Tag Archives: Blade Runner

Evangelizing Design Fiction and topping it off with Syd Mead and Blade Runner

The last two weeks have been rapid-fire. I presented my thesis research at two different universities as part of the interview process for Assistant Professor design positions. The last one was, coincidentally, was in the precise location of the 2013 Emerge Conference. I had nothing to do with planning it this way it’s just how things worked out. In fact, I was so buried in the preparation for these interviews that the Emerge Conference dropped completely off my radar screen. So, as I am presenting on one part of the campus, about the idea of design fiction as a serious area of design research, Bruce Sterling and Brad Allenby, pivotal voices in future thinking, are presenting in another. It just seemed weird, especially since I had no idea it was going on until I got into town. Sterling, of course, is credited with creating the neologism known as “design fiction,” and though he probably has no idea that I exist, I think we are watching closely from similar perspectives. Note the similarities with his recent blog and my post from a few weeks ago.

It was an exhausting day of meetings and presentations, so I was anxious to get back to the hotel and decompress. Despite this I could not pass up the opportunity to trek across campus for a 6:30 screening of the digitally remastered 1987 classic, Blade Runner, in an awesome little theater with a shake-your-chair sound system. After the film, who else but Syd Mead shows up to field questions. Mead, complete with sunglasses, says he’s 79 years old, but there are no signs that he’s slowing down. He’s sharp as a tack and a bit feisty. Mead said that he is quite comfortable with revising his concepts or with ideas being outright rejected, as long as he gets paid. I think that some of the students saw his ‘show-me-the-money’ attitude as a bit arrogant, but Mead is a design and concept-art legend, he’s been working in the profession for a long time, and knows the way great designs and great art would rarely come to life without free enterprise. So, while some students may see the idea of commerce as a tool of capitalist oppression, Syd gets paid. Good for him.

All that being said, the presentations over the past couple of weeks went well, I think. I’m thinking that close to 100 turned out for my last one. Most of the comments were positive and encouraging. I may even have a few more converts to the web comic, but after the rigorous interview processes I have no idea where all of this will end up. Maybe none of it will turn into gainful employment, but they all add up to great experiences and the chance to share ideas with smart people.

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Graphic Novel for Design Fiction

The rage, when it comes to design fiction, is to make a film. The examples of this abound, not only the best diegetic prototypes from Blade Runner, Minority Report and 2001, that really started us thinking about this stuff, but also the recent presentations by MicrosoftCorning or Sony. In fact, with each new sic-fi or super-hero blockbuster there is some element of design fiction that is woven into the narrative. Tony Stark’s high tech lab with it’s holographic, gesture interfaces, is really just a “one-up” of John Anderton’s pre-cog version. The heart implant, however, doesn’t qualify so much since it is rather removed from the trending or plausible science of today.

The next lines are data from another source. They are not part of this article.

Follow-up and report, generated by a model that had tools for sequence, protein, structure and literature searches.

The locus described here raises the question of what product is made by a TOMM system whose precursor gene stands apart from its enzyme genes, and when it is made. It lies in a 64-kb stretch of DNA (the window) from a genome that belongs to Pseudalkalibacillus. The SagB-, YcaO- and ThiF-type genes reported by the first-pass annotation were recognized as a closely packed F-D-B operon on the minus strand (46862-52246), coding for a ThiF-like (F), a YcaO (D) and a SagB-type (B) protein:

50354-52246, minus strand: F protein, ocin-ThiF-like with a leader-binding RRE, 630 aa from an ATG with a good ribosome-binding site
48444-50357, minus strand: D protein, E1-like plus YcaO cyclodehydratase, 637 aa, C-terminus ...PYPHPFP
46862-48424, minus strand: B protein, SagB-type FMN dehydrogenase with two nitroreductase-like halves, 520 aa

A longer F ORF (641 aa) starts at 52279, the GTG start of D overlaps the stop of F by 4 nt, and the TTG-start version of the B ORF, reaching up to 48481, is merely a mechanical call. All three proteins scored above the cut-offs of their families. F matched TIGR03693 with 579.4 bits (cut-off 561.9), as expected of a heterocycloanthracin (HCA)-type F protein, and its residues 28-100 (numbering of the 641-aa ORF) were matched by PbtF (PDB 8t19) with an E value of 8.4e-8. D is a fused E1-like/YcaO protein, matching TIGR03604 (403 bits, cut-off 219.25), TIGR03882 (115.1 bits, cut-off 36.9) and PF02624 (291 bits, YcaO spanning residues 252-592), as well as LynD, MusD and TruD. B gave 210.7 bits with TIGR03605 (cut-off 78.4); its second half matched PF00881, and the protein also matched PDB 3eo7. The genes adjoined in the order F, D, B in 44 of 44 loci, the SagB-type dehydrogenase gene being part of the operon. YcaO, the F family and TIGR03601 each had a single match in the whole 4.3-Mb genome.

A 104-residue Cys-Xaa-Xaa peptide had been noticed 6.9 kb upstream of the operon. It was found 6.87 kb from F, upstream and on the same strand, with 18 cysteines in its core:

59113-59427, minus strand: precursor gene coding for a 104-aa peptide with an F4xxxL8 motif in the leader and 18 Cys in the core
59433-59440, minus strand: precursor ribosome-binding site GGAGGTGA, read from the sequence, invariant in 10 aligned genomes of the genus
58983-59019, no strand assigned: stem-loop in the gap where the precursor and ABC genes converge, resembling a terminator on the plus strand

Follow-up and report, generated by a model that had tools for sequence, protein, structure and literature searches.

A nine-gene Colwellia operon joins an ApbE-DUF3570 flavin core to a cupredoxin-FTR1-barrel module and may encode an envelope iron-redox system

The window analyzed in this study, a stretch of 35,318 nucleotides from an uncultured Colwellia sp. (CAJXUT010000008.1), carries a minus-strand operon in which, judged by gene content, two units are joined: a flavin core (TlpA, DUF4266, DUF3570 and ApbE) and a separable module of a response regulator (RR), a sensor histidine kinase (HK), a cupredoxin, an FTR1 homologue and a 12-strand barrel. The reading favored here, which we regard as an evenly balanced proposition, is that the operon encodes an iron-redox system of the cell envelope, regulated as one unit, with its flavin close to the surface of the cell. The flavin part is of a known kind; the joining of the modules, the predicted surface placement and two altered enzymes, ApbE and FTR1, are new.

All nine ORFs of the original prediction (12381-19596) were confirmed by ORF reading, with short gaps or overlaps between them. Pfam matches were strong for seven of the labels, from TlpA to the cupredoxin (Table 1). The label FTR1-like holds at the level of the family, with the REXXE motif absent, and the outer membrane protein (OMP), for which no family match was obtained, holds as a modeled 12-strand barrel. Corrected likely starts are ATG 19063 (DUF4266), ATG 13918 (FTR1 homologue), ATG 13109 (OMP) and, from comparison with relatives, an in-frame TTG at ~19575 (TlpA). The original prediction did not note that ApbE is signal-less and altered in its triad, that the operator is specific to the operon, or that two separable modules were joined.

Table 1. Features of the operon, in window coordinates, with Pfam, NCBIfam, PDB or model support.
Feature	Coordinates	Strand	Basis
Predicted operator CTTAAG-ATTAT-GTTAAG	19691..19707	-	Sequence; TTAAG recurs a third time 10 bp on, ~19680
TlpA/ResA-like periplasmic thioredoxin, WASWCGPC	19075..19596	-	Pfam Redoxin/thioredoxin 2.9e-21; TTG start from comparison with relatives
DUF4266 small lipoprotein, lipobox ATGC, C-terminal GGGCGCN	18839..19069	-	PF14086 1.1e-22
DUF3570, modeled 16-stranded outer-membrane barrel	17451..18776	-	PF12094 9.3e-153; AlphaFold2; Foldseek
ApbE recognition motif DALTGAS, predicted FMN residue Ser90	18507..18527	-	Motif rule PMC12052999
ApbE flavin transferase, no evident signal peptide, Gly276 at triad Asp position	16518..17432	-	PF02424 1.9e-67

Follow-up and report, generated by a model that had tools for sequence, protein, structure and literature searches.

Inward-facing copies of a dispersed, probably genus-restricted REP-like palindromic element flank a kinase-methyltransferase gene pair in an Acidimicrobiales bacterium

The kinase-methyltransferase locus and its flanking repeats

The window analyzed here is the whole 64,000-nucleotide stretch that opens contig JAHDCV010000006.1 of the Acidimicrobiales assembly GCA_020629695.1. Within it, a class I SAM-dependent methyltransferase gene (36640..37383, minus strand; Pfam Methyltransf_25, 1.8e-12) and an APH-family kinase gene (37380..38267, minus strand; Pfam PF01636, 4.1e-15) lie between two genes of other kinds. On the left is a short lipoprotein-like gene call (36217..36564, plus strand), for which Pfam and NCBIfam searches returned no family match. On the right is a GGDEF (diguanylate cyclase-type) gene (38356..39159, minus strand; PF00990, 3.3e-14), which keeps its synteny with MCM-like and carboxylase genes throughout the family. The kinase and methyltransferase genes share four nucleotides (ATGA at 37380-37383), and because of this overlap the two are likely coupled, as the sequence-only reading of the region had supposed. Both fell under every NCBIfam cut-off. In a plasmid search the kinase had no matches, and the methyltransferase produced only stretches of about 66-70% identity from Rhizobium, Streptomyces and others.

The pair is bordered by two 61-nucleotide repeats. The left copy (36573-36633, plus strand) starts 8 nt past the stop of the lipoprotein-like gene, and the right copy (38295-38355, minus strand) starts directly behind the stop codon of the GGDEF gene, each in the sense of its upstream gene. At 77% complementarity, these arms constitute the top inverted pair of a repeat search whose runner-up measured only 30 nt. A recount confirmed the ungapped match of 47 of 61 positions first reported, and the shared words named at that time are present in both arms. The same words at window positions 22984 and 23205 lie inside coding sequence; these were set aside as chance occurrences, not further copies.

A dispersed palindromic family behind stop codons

In my last post I listed two things that I believe are essential to qualify as design fiction. The first was that you have to make something, visualize it or prototype it. The second qualification is that you have to throw it into the background as a tool, and not fetishize it (to use Bleecker’s term). It’s much more about how the people use it and their interaction with it, than how incredibly cool it might look (which is OK, but it’s about the human drama first). If there is a third, then I think the design itself must be based on some thread of science or research that can be pulled out in such a way that, in theory, the thing could work.

Whether the authors, screenwriters, or production designers on these film did rigorous research before creating these visions, is not as important as whether the thought of plausibility was there, or whether it was pure fantasy, e.g.“OK, he will need little rockets in his boots so that he can fly.”  Not that there’s anything wrong with little rockets in the boots, I think they’re cool, but they are not design fiction — in my book.

So what does that have to do with a graphic novel?

This brings us to the title of the post. Why does a graphic novel do this better than a movie. First of all, I would not presume to say that it does it better. It does, however provide some interesting advantages that a film does not. The idea of sequential art that links story pictures (panels) in sequence to move the action forward, shares some obvious similarities to film, but it pretty much stops there. The distinction most frequently cited is what we call the “gutter”, the space between the panels that requires the reader to “fill in”. Most film marches forward in linear fashion delineating in perfect detail, all that is contained in one scene. Unless we grab the remote step-frame our way through, the film is designed to flow over us. The graphic novel, on the other hand, can show you as you turn the page, what is about to happen, and unless you are way more disciplined than I, you are likely to glance at the last image on the page before you read all of the images leading up to it. Therefore, as a double-page “spread” lays there in front of you, past, present and future are all displayed at once. Film does not do this. Even with rewind and fast forward, you are locked into the moment. This nuance allows the reader to study the image in a way that a movie audience cannot.